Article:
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Adolescents in theatre: Subculture infiltration

Dagley, K. (1997, Spring). "Adolescents in theatre: Subculture infiltration." S. Hamilton, MA: Center for Youth Studies.


The curtain rises, the lights go up, and Craig makes his first entrance in his high school’s production of "The Sound of Music." His movements are stiff for the first few moments, until the audience laughs at one of his lines. He "holds" for the laughs as his confidence soars. Craig has been bitten by the "theatre bug." This strange phenomenon occurs when a person experiences the rush of a successful performance, whether backstage doing technical work or center stage under the lights. How does this "theatre bug" affect an adolescent? What will happen to Craig? What are the positive and negative effects of drama involvement? This discussion explores the adolescent development of teenagers who actively participate in theatre. This research focuses on high school educational theatre programs, rather than in community theatre groups.


Because of the drastic physical transformations during adolescence, teenagers are constantly trying to understand and accept their bodies. Theatre is a terrific avenue to help students do just that. Theatre requires control over oneself in dance, mime, and other choreographed performances. These productions provide students motivation to exercise and develop coordination.

What does this mean to a youth leader? How can one support the theatre student’s physical development? Encourage a student in any production he or she is working on. Highlight the positives: "I really admire how you were able to learn that dance in three days," or "I love how confident you were in that part." This will go a long way.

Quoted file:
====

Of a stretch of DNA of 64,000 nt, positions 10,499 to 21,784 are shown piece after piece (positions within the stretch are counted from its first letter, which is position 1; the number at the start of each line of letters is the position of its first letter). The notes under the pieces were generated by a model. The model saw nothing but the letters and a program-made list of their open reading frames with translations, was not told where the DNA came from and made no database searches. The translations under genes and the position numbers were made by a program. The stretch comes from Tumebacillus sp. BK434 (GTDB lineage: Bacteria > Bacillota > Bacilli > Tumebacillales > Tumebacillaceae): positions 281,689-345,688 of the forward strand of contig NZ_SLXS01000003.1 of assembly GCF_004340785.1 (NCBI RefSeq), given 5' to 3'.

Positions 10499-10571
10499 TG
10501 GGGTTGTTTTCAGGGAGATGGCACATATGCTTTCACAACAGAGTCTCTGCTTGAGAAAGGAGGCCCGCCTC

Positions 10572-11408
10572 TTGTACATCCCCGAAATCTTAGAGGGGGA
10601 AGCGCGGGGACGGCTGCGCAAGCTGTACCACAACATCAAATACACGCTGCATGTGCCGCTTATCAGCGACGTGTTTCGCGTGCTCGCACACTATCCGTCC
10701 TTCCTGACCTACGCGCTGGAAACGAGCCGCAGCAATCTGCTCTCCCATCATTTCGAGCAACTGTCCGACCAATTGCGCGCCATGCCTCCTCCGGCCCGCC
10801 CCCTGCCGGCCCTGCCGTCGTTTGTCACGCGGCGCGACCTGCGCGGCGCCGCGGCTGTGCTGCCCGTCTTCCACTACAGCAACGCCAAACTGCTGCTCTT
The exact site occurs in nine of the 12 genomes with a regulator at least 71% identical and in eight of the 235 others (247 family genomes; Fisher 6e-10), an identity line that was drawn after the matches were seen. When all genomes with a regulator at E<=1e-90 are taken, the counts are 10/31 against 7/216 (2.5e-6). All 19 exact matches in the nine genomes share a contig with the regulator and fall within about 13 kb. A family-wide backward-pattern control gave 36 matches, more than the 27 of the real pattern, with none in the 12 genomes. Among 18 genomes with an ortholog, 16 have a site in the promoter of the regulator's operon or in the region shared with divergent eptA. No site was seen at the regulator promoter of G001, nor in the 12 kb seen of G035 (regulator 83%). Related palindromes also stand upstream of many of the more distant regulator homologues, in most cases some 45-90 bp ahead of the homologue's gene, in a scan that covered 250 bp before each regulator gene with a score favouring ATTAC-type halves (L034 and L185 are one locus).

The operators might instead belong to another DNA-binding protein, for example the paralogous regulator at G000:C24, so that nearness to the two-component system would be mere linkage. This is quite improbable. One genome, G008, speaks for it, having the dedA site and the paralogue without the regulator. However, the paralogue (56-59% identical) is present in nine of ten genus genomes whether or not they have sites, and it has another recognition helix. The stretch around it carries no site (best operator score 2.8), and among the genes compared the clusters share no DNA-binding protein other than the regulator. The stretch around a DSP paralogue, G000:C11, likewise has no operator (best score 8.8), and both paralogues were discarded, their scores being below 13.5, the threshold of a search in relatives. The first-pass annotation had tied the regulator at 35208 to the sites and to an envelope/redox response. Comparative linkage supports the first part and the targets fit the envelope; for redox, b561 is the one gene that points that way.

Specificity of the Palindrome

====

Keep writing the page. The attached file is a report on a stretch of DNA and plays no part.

Theatre is a wonderful way to challenge a student’s cognitive development. Plenty of tasks challenge the cognitive development of the adolescent: memorization of lines; character development; improvisation; and problem solving set, make up, costume design, and construction issues.

Well-established school and community theatre programs keep students eager for the next show and season by providing, in advance, new materials for the next plays or musicals. A student delving into plays is catapulted into new realms of experience. For example, when participating in a production of "To Kill a Mockingbird," a student need to explore the time period of the piece as well as the themes of racism and loss of innocence. A student actor lives vicariously through the experiences of a character and is enriched by the encounter.

This acquaints students with myriad new experiences. Yet, these experiences are not completely positive; unfortunately, there is a lot of inappropriate material readily available to adolescents. Student actors need to be encouraged to establish their own boundaries of appropriate portrayals on stage. Will they do a kissing scene? More than kissing? Are curse or foul words appropriate for them to speak? What activities are they performing in character? Is there a noble theme to the production? A youth worker can guide them through their own decisions on these subjects. A youth leader can help drama students tackle these problems with integrity and offer input as the students desire.


Socially, adolescents desparately seek a place to "fit in." Theatre becomes a logical place for some students—even if they are not extremely talented—because there they can find acceptance and significance. Acceptance evolves while developing a production; teamwork and amiable bonds are forged while preparing for the play. Students find significance as they learn that even the smallest parts and responsibilities are essential for a successful production. Most theatre students recognize each other’s value and respect each other’s contribution. Theatre is likened to a family; the director becomes a surrogate parent.